Education is a fact of life all British children take for granted. But in a part of Pakistan only boys are allowed to go to school – a situation 14-year-old Malala Yousufzai was determined to change.
But yesterday, as she waited on her school bus, she paid for her campaign for girls to be educated. She was shot in the head in front of her classmates. The Taliban claimed responsibility.
Malala was sitting in a bus ready to leave the grounds of her school in Mingora in Pakistan's Swat Valley when a bearded man entered the bus and shot her and two other girls.
Surgeons said today they had removed a bullet from Malala, near her spinal cord, but were deciding whether she needed treatment abroad. Her condition was said to be critical. The other girls were also wounded.
The teenager is widely known and respected for her work to promote the schooling of girls and denouncing the atrocities committed by the Taliban.
She won the Pakistani National Youth Peace Prize last year. She and her family have previously been threatened by the Taliban for her campaigns and authorities must now decide how they can protect her from future attack.
A spokesman for the TTP told Pakistani newspaper The Express Tribune that Malala was shot because she was 'secular-minded lady' and that this should serve as a warning for other young people like her.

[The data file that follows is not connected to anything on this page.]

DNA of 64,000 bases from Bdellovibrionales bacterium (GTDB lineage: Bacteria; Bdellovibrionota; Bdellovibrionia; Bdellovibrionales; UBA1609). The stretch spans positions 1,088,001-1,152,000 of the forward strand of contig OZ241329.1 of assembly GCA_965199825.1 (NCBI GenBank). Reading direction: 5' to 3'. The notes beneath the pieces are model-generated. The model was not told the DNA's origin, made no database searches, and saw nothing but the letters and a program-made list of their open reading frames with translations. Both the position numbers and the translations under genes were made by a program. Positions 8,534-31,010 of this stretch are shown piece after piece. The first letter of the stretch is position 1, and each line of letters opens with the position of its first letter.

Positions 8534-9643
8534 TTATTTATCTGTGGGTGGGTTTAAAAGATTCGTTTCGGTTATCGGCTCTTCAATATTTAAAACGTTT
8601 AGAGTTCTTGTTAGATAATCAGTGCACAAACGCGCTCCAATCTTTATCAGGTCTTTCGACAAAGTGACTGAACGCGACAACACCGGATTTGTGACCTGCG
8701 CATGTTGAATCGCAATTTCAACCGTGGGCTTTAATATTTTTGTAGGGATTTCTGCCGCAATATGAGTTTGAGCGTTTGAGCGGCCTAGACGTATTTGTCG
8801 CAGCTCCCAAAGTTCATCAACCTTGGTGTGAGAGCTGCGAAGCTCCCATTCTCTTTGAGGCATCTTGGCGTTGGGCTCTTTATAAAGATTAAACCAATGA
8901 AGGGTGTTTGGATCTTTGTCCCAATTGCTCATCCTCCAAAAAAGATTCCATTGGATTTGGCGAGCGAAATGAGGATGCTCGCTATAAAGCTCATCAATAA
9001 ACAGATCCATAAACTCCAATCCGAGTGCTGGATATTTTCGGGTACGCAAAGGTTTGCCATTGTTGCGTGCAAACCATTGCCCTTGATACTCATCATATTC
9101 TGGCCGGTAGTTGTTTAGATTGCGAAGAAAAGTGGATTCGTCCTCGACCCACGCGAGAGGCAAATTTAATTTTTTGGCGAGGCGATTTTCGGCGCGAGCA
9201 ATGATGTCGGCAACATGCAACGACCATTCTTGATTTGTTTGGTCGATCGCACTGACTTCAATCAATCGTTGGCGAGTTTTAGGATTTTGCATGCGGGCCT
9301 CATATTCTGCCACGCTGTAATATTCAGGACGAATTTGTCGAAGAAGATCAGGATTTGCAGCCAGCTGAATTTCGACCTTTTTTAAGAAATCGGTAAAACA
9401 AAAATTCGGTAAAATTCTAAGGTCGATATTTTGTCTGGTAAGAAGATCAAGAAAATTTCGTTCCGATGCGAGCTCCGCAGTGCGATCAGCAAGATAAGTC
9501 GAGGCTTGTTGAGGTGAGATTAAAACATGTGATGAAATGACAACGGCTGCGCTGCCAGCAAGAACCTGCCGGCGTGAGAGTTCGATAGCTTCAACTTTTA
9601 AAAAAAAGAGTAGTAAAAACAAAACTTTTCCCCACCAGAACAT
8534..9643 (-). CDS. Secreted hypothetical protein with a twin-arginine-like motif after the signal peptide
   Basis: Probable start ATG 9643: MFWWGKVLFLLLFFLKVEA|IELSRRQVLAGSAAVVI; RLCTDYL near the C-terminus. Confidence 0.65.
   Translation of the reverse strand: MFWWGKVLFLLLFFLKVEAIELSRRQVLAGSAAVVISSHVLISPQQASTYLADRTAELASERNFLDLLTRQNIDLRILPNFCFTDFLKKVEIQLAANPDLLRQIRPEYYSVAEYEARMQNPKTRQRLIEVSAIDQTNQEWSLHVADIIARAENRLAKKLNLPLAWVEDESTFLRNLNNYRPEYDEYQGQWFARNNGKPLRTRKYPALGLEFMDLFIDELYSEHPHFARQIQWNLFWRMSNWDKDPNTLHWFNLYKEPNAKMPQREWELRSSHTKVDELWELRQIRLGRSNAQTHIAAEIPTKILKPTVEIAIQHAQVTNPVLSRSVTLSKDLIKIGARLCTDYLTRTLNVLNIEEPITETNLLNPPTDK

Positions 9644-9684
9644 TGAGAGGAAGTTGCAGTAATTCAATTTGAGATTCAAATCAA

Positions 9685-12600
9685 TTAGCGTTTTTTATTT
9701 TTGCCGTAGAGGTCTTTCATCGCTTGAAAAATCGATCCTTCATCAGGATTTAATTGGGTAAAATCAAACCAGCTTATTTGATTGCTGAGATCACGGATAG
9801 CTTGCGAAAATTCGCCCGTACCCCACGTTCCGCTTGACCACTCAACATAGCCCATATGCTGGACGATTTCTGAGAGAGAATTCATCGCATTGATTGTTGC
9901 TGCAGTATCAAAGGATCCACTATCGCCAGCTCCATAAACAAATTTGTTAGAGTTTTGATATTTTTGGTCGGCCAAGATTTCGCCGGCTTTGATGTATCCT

Spokesman Ehsanullah Ehsan said that she would not be safe is she survives this ordeal.
"She was pro-West, she was speaking against Taliban and she was calling President Obama her idol," he said.
"She was young but she was promoting Western culture in Pashtun areas."
Activist Malala first spoke out against the militants when she was just 11 after they took control of her region in Pakistan.
She began writing a blog for the BBC in 2009 about life under the Taliban, using a pseudonym to speak out about the need for girls' education.
The shooting sparked outrage across Pakistan, where Malala is regarded as a heroine by many.
The front pages of national newspapers carried pictures of a bandaged and bloody Yousufzai being brought to hospital.
President Asif Ali Zardari, Prime Minister Raja Pervaiz Ashraf and heads of various opposition parties joined human rights group Amnesty International and the United Nations in condemning the attack.
"Pakistan's future belongs to Malala and brave young girls like her. History won't remember the cowards who tried to kill her at school," Susan Rice, the US ambassador to the United Nations, said on Twitter.
Prime Minister Raja Pervaiz Ashraf called her a 'daughter of Pakistan'.
And State Department spokesman Victoria Nuland branded the attack 'barbaric' and 'cowardly'.
The Taliban admitted targeting the girl. A spokesman said: "This was a new chapter of obscenity, and we have to finish it."
Isn't deliberately shooting a 14-year-old child and her classmates an obscenity?